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  • Montana senator's thesis appears to plagiarize
    HELENA, Mont. (AP) — Montana Sen. John Walsh's thesis written for the U.S. Army War College contains unattributed passages that appear to be taken word-for-word from previously published papers.More

  • Newark, N.J., schools investigated after claims of race discrimination
    By David Jones NEWARK N.J. (Reuters) - The U.S. Department of Education said on Wednesday it is investigating claims that a plan to reorganize public schools in Newark, New Jersey, discriminates against black students. A parent-led group in New Jersey's largest city has said that school closings and conversions to charter schools under the "One Newark" plan disproportionately affect black students. "We can confirm that the Office for Civil Rights is investigating whether the Newark Public Schools’ enactment of the 'One Newark' plan at the end of the 2013-2014 school year discriminates against black students on the basis of race," an Education Department spokesman said in a statement.More

  • Lawsuit challenges Louisiana governor's plan to ditch Common Core
    By Jonathan Kaminsky NEW ORLEANS (Reuters) - A group of charter schools, teachers and parents filed suit on Tuesday against Louisiana Governor Bobby Jindal, asserting that he overstepped his authority and has sown chaos by moving last month to ditch the Common Core education standards for teaching English and math which he helped usher in four years ago. "The governor is acting beyond the scope of his powers under the state constitution," said Stephen Kupperman, attorney for the plaintiffs. Louisiana Education Superintendent John White has said the state must use the tests despite the governor's plan. "The Louisiana Department of Education needs to stop delaying, issue an RFP (request for proposal) and follow the law," Jindal said in a statement.More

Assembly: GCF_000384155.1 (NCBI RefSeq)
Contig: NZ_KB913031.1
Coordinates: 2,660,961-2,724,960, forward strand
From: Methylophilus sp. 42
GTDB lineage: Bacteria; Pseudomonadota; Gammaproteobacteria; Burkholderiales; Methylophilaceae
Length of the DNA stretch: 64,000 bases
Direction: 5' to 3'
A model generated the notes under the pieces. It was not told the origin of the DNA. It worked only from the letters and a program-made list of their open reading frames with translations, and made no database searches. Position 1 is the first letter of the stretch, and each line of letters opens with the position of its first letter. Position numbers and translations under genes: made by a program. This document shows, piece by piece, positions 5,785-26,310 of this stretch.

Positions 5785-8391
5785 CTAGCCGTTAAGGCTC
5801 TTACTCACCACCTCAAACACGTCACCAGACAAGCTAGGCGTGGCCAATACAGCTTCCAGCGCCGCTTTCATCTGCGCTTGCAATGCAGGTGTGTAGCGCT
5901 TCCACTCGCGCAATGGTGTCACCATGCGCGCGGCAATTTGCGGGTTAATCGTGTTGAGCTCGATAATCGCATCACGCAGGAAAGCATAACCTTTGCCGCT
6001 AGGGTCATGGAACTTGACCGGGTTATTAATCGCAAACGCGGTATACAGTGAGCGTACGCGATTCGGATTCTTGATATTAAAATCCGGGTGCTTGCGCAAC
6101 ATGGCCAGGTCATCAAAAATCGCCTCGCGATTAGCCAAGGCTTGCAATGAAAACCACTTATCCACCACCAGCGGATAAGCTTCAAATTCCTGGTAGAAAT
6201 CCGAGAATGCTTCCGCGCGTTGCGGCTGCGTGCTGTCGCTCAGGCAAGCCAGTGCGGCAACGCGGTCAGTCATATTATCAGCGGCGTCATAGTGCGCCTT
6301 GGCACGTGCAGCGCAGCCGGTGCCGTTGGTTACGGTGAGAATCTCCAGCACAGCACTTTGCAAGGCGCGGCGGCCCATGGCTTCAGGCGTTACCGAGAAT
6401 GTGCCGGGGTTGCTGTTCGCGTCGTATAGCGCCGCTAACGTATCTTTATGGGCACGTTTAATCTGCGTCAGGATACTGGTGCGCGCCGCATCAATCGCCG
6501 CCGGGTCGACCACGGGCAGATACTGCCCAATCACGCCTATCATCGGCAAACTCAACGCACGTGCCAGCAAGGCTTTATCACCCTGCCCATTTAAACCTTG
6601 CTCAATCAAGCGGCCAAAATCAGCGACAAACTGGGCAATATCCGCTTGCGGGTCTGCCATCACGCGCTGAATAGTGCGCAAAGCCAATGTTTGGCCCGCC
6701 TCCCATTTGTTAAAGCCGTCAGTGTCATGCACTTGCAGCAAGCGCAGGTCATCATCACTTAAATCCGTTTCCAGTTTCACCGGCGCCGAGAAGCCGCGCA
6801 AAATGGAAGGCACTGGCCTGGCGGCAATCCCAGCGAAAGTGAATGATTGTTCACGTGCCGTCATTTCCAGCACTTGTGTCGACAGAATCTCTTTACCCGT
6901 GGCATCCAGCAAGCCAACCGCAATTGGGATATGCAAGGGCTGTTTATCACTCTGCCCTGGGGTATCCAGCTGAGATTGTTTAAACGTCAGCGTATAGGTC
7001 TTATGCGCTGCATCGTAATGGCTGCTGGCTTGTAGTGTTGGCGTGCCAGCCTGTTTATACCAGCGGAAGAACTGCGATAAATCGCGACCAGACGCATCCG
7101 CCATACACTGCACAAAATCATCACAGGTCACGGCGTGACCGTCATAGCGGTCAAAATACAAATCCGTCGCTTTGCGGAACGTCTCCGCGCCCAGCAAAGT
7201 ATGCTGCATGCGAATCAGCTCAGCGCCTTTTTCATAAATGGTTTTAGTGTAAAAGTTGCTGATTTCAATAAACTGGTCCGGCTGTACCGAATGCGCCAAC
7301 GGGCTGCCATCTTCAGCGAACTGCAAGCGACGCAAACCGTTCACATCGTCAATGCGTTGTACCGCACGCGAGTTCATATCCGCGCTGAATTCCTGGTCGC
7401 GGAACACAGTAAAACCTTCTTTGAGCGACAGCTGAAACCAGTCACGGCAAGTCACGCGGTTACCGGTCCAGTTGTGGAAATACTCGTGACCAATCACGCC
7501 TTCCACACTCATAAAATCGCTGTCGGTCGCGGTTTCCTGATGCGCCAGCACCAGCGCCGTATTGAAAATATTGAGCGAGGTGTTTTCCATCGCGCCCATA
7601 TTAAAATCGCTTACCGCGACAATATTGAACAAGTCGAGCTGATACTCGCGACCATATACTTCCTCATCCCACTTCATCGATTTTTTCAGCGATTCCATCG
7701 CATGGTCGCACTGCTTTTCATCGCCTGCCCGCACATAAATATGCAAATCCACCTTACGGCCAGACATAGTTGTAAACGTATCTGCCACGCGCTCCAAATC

• Most victims of fiery California bus crash died of smoke inhalation

    A FedEx truck drives past a makeshift memorial beside Interstate 5 in Orland, California(Reuters) - Most of the 10 people killed in a fiery crash of a bus full of college hopefuls in Northern California survived the initial impact and died of smoke inhalation from flames that engulfed the vehicle, the county coroner said on Tuesday. Seven of those who died after a FedEx truck crashed into the bus taking high school students to a college recruitment event in April succumbed to asphyxiation due to smoke inhalation, while two died of trauma sustained in the crash, the Glenn County Coroner's Office said. The dead in the crash in the city of Orland, an agricultural community north of Sacramento, included five Los Angeles-area students on their way to tour a Northern California university campus, as well as their chaperones and both drivers. While traveling south on Interstate 5, the FedEx truck gradually veered left and crossed a 58-foot-wide median before entering oncoming lanes of traffic, the National Transportation Safety Board said in a preliminary report published in April.